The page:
Academic journal article Economic Inquiry

Deposit Insurance and External Finance

Academic journal article Economic Inquiry

Deposit Insurance and External Finance

Article excerpt


Capital markets serve an essential purpose in the growth and development of modern economies. They provide for the efficient channeling of funds from savers to investors. There are two basic methods for financing capital investment: primary issuance of equity or bonds, and securing of bank loans. Looking around the world, we see that countries differ substantially in the relative importance of banks and capital markets in providing investment financing. Equity market capitalization currently ranges from close to zero in countries like Austria, Argentina, and Greece to nearly two times gross domestic product (GDP) in the United Kingdom, South Africa, and Malaysia. The importance of bank loan financing is essentially the mirror image of this. What accounts for the cross-country differences in the importance of banks and capital market financing of investment?

The purpose of this article is to address this question directly. We contend that much of the variation across countries in the depth and breadth of capital markets can be explained by a combination of the existence of deposit insurance and the extent to which a country's banking system is state-owned.

Because of the importance of financial intermediation, and the difficulties associated with potential bank failures, governments in most countries have established a set of institutional structures to ensure the stability of their banking systems. Primary among these is the creation of deposit insurance. By insuring deposits, banks' liability holders are significantly less likely to request the return of callable deposits, reducing the chances of bank runs. But at the same time, deposit insurance subsidizes bank risk-taking activities and allows the payment of lower interest rates to depositors. (1) This channels money through banks and away from financial markets. Direct state bank ownership has a similar impact (see Barth et al. 2001; La Porta et al. 2000).

We present a simple, three-sector model, in which the economy is composed of firms, banks, and households. The firms require operating capital and can obtain it either through equity issuance or from bank loans. Banks take deposits from households and make loans to firms, while households both allocate their wealth and purchase the firms' output. The model allows us to show how increases in deposit insurance (or the percentage of the banking system that is state-owned) both reduces the size of the capital market and shrinks the amount of bank credit to the private sector and may decrease the number of firms seeking equity financing.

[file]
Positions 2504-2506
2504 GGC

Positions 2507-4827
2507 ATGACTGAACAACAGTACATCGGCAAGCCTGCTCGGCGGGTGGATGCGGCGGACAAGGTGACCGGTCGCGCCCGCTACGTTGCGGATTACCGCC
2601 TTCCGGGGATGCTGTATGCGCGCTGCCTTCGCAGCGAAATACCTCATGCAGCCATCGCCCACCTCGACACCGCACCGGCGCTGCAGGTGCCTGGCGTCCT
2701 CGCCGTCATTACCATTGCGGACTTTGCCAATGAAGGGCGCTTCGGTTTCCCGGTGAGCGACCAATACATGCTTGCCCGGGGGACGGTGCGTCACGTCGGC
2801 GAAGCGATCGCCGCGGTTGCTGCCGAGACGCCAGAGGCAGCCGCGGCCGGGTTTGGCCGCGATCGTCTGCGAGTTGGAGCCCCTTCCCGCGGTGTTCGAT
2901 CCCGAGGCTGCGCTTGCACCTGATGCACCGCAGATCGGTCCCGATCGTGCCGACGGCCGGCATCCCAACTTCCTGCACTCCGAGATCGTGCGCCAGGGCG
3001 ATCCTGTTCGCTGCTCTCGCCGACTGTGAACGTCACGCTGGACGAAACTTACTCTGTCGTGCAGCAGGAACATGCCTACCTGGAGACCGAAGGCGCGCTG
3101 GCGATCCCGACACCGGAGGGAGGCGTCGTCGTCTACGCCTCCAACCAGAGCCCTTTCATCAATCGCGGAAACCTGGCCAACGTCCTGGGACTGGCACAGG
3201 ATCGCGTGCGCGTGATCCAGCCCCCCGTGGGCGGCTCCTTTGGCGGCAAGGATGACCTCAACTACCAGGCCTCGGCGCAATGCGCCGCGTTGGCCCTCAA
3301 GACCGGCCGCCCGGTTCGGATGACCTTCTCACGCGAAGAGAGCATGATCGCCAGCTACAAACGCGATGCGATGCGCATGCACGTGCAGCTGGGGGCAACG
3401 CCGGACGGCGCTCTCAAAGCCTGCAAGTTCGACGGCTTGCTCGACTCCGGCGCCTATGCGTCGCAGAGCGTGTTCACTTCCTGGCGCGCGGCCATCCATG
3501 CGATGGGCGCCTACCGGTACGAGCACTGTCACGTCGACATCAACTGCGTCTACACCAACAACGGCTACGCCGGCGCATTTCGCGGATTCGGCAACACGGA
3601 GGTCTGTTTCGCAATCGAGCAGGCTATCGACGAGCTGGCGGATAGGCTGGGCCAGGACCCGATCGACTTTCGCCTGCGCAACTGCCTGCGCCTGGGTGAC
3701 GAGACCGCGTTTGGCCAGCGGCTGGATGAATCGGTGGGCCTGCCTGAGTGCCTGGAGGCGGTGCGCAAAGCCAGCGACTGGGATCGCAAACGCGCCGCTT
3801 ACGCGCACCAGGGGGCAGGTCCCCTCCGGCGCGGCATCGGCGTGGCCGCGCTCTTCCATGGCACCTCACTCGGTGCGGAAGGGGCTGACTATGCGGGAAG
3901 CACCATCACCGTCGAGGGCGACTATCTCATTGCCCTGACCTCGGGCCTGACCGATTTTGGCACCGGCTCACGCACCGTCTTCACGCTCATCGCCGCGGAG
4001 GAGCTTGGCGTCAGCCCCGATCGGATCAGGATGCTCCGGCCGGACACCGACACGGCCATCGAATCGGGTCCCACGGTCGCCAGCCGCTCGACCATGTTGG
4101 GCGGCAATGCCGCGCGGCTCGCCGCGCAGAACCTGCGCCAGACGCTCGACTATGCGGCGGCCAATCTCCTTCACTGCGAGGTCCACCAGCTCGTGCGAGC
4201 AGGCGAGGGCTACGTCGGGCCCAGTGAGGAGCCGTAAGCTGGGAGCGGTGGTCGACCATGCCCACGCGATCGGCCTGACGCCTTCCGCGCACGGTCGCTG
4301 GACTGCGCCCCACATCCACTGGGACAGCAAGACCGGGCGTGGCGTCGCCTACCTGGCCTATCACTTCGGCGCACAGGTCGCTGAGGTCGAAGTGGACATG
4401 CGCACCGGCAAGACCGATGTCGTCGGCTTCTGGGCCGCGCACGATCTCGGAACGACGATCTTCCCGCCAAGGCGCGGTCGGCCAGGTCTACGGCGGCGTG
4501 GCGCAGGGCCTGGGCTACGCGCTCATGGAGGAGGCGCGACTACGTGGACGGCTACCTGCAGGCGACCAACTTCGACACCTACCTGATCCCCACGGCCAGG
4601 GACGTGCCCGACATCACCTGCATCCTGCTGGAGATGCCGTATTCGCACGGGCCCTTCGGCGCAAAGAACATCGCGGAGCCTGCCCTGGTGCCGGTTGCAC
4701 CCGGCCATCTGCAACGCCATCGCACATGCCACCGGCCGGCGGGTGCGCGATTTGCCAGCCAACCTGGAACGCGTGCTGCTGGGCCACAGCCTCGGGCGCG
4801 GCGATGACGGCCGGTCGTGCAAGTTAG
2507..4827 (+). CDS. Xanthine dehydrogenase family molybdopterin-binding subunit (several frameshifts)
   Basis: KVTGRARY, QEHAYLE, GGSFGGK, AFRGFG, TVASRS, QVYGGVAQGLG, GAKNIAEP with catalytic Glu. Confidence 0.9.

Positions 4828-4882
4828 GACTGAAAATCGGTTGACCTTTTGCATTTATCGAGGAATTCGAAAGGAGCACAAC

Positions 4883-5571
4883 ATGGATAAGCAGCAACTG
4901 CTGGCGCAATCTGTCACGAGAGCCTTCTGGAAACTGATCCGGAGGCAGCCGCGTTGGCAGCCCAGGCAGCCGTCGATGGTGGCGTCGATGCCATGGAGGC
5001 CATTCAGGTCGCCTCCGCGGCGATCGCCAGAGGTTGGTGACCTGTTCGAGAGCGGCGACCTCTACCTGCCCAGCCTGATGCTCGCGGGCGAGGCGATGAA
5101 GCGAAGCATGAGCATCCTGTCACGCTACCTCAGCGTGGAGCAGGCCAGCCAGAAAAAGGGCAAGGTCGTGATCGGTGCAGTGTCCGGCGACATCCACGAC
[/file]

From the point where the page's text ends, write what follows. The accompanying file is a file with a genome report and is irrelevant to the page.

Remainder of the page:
To examine the predictions of the model, we study a data set composed of 49 countries. Of these, 33 currently have explicit deposit insurance and 42 have some state ownership of banks, ranging from less than 2% to almost 90%. The data confirm the predictions of the model. An increase in either state bank ownership or presence of deposit insurance both decreases the size of capital markets and the extent of bank lending. For example, we would predict that decreasing the percentage of the banking system that is state-owned from 36%, as it is in Italy, to zero would increase in the size of the capital market from less than 10% to over 30% of GDP and a raise in the level of bank lending from 57% to close to 90% of GDP.

Our conclusions are in contrast with those in La Porta et al. (1997), who study the relationship between law and finance. La Porta et al. note the importance of the countries' legal system in determining the structure of the financial system. In particular, they point out that investors provide capital to firms only if they believe they will get their money back. For equity holders, this means that they must be able to vote out directors and managers who do not pay them. For creditors and holders of bonds, this means that they must have authority to repossess collateral. Furthermore, these nominal legal rights must be accompanied by confidence that the laws will be enforced. …

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